Blog
About

2
views
0
recommends
+1 Recommend
0 collections
    0
    shares
      • Record: found
      • Abstract: found
      • Article: not found

      Trans-palmitoleic acid, metabolic risk factors, and new-onset diabetes in U.S. adults: a cohort study.

      Annals of internal medicine

      Adiposity, Aged, C-Reactive Protein, metabolism, Cholesterol, blood, Cholesterol, HDL, Dairy Products, Diabetes Mellitus, Type 2, epidemiology, Fatty Acids, Monounsaturated, Female, Food Habits, Humans, Incidence, Insulin Resistance, Male, Prospective Studies, Risk Factors, Triglycerides, United States

      Read this article at

      ScienceOpenPublisherPMC
      Bookmark
          There is no author summary for this article yet. Authors can add summaries to their articles on ScienceOpen to make them more accessible to a non-specialist audience.

          Abstract

          Palmitoleic acid (cis-16:1n-7), which is produced by endogenous fat synthesis, has been linked to both beneficial and deleterious metabolic effects, potentially confounded by diverse determinants and tissue sources of endogenous production. Trans-palmitoleate (trans-16:1n-7) represents a distinctly exogenous source of 16:1n-7, unconfounded by endogenous synthesis or its determinants, that may be uniquely informative. To investigate whether circulating trans-palmitoleate is independently related to lower metabolic risk and incident type 2 diabetes. Prospective cohort study from 1992 to 2006. Four U.S. communities. 3736 adults in the Cardiovascular Health Study. Anthropometric characteristics and levels of plasma phospholipid fatty acids, blood lipids, inflammatory markers, and glucose-insulin measured at baseline in 1992 and dietary habits measured 3 years earlier. Multivariate-adjusted models were used to investigate how demographic, clinical, and lifestyle factors independently related to plasma phospholipid trans-palmitoleate; how trans-palmitoleate related to major metabolic risk factors; and how trans-palmitoleate related to new-onset diabetes (304 incident cases). Findings were validated for metabolic risk factors in an independent cohort of 327 women. In multivariate analyses, whole-fat dairy consumption was most strongly associated with higher trans-palmitoleate levels. Higher trans-palmitoleate levels were associated with slightly lower adiposity and, independently, with higher high-density lipoprotein cholesterol levels (1.9% across quintiles; P = 0.040), lower triglyceride levels (-19.0%; P < 0.001), a lower total cholesterol-HDL cholesterol ratio (-4.7%; P < 0.001), lower C-reactive protein levels (-13.8%; P = 0.05), and lower insulin resistance (-16.7%, P < 0.001). Trans-palmitoleate was also associated with a substantially lower incidence of diabetes, with multivariate hazard ratios of 0.41 (95% CI, 0.27 to 0.64) and 0.38 (CI, 0.24 to 0.62) in quintiles 4 and 5 versus quintile 1 (P for trend < 0.001). Findings were independent of estimated dairy consumption or other fatty acid dairy biomarkers. Protective associations with metabolic risk factors were confirmed in the validation cohort. Results could be affected by measurement error or residual confounding. Circulating trans-palmitoleate is associated with lower insulin resistance, presence of atherogenic dyslipidemia, and incident diabetes. Our findings may explain previously observed metabolic benefits of dairy consumption and support the need for detailed further experimental and clinical investigation. National Heart, Lung, and Blood Institute and National Institute of Diabetes and Digestive and Kidney Diseases of the National Institutes of Health.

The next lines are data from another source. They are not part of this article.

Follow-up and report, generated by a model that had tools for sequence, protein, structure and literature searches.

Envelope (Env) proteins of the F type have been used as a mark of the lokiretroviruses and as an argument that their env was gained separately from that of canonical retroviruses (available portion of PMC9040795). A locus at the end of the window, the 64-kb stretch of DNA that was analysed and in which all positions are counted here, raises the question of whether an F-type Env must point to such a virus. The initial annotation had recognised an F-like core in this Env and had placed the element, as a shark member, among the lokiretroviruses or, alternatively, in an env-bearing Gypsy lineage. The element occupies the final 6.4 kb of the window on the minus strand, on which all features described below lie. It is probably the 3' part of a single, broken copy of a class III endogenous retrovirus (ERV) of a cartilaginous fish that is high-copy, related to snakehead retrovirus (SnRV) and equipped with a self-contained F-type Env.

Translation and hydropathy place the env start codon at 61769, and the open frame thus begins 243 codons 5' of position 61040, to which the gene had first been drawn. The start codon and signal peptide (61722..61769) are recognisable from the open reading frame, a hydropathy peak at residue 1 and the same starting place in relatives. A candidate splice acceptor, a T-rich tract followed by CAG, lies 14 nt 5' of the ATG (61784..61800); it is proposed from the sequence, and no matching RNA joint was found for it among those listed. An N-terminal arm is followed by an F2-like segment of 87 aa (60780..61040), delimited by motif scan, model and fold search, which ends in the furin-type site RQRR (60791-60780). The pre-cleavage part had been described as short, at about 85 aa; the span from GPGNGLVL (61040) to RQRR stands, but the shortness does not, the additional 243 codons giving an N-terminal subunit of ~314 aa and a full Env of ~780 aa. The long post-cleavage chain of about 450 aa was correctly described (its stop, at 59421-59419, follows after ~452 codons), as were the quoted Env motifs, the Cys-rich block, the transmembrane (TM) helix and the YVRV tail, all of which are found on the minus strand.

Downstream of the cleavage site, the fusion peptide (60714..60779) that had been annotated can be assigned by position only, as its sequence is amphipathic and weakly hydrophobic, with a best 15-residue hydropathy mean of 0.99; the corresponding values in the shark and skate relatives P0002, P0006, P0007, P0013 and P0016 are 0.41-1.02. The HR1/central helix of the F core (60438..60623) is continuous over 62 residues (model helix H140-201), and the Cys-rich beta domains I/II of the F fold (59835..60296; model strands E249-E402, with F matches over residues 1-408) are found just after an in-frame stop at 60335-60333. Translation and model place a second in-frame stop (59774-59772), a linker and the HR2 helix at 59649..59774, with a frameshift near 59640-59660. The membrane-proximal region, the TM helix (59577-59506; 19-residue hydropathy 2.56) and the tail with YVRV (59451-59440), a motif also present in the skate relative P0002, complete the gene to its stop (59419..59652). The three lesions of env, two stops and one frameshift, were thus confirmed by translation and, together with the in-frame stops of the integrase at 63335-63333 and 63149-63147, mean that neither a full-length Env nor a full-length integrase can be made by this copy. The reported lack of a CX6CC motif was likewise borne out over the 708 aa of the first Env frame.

Related collections

          Author and article information

          Journal
          21173413
          3056495
          10.7326/0003-4819-153-12-201012210-00005

          Comments

          Comment on this article